equires incessant labor to produce the bare necessaries of life, have long looked with an envious and greedy eye upon the rich plains, the genial suns and the overflowing comfort of Southern life. The abolition crusade has been manipulated by W. H. Seward with no other design than to pave the way for an exodus of the overflowing Northern hive to the green pastures and fertile fields of the American Italy. If the object of this invasion were the restoration of the American Union, what easier than for Seward to propose to our Commissioners reconstruction and a guarantee of the rights enjoyed by the South in the old Government? But he had no such purpose. He made demands which he was sure we would refuse, only to have a pretext for drawing "the sword of justice," or, what is meant thereby, exterminating, as far as practicable, the Southern population, and transferring every acre of Southern land to Northern hands. Now that this diabolical purpose is deliberately avowed, we shall
lly able to repel any attack he might conclude to make upon us. At daylight this morning everything was quiet, and it was not known whether our troops were expected to push the reconnaissance further, to erect substantial works connecting with the left of our main line, or to return to their original positions in the vicinity of the Weldon railroad. The Late peace mission. Lincoln was to send in his report on Wednesday to the United States Senate of his visit to Hampton Roads. Seward is said to have already prepared reports of the interview, to be dispatched to the foreign courts. A letter about the return of the Confederate commissioners says that, on the flag-of-truce boat, they were hospitably entertained, and were visited by Major-General Ord. It adds: The commissioners, upon their return, were in the best of spirits, and entered fully and zestfully into the genuine and luxurious hospitality of the distinguished Union officer delegated by the President to enter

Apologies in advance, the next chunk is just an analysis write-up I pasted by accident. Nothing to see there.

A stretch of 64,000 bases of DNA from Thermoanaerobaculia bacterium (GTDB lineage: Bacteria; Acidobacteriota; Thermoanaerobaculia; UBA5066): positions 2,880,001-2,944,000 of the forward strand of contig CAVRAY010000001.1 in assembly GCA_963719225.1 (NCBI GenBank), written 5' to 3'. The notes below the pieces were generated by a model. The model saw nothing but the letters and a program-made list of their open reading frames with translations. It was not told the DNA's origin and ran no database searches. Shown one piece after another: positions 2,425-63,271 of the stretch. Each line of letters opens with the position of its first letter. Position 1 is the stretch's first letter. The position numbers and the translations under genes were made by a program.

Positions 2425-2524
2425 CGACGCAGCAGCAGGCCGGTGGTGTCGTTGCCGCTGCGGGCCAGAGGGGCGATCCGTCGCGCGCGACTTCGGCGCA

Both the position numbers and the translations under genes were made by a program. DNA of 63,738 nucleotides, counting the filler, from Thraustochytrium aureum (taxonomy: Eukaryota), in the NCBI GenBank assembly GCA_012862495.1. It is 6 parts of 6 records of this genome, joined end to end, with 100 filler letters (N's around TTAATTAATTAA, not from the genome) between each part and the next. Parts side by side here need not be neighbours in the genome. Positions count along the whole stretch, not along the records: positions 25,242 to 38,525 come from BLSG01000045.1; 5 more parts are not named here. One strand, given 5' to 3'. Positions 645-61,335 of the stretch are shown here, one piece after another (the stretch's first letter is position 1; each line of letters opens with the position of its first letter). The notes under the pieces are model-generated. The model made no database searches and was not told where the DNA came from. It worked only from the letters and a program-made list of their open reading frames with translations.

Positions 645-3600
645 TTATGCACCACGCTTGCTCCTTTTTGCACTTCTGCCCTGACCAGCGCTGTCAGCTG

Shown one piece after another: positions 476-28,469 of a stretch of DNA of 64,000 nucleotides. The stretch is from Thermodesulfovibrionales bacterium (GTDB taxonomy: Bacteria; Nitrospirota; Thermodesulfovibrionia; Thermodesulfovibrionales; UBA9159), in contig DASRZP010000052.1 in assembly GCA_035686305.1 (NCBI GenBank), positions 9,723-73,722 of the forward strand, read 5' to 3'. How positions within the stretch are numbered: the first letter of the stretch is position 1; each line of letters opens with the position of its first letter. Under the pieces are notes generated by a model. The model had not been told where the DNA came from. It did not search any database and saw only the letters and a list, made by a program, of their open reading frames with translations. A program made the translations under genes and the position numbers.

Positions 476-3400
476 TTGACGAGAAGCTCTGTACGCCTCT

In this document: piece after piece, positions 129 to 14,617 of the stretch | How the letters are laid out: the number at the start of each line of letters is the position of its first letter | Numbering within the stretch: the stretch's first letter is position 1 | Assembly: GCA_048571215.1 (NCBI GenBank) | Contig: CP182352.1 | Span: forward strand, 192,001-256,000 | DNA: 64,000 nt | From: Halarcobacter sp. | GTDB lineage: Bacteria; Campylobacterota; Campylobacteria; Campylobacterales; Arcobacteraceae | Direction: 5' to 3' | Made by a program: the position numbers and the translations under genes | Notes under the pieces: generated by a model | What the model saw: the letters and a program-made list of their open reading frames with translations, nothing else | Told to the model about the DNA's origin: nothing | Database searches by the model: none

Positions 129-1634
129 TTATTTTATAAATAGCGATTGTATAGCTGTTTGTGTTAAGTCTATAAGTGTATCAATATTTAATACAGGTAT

to his recent interview, in Hampton Roads, with Messrs. Stephens, Hunter and Campbell. It fills three or four columns in closely printed type, and is chiefly filled up with business telegrams — the real report of the interview being contained in Seward's circular to the United States ministers abroad. We give the report, cutting out some of the dry telegrams about the admission into Grant's lines of the three Confederates: To the Honorable the House of Representatives: In response t put them in communication, the following dispatch was sent: War Department, Washington, D. C.,February 1, 1865. Major T. T. Eckert, care General Grant, City Point, Virginia: Call at Fortress Monroe and put yourself under direction of Mr. Seward, whom you will find there. A. Lincoln. On the morning of the 2d instant, the following telegrams were received by me respectively from the Secretary of State and Major Eckert: Fort Monroe, Virginia, February 1, 1865, 11:30 P
dered that a national salute be fired to-morrow noon, February 22d, at West Point, and at every fort, arsenal and army headquarters of the United States, in honor of the restoration of the flag of the Union over Fort Sumter. Edwin M. Stanton. Secretary of War. Department of State, Washington, February 21. The department buildings will be illuminated on the night of Washington's birthday in honor of the recent triumphs of the Union. By order of the President. [Signed] W. H. Seward. A salute of one hundred guns was fired here to-day in honor of the occupation of Charleston by our forces. New York,February 21.--The Mayor of this city has issued a proclamation urging all citizens to celebrate Washington's birthday to- morrow. The Seventh regiment will make a full parade, in honor of Sherman's recent victories, the restoration of our flag to Fort Sumter, and the fall of Charleston. A meeting of prominent citizens will be held to-morrow, to arrange for
judice. It calls for the amendment of the foreign enlistment act. The Times says the acquittal does not negative the fact that there was gross violation of the law, even if Rumble was the tool of others. The Times says the Fort Fisher affair certainly developed a new step in the art of war, and demonstrated the possibility of making turret ships sea-going. The dispatches of Lord Lyons relative to the St. Albans raid have been published. Earl Russell's dispatch to Lord Lyons, dated November 16, notices the handsome terms in which Mr. Seward acknowledges the co-operation of the Canadian Government, and adds: "Her Majesty's Government trusts that such faithful co-operation in the performance of friendly offices may long continue on both sides." Spain. Porto Rico advices, via Madrid, say that a party, hostile to Spain, were again agitating that country, and that some political agents from the United States had been arrested and expelled by the authorities.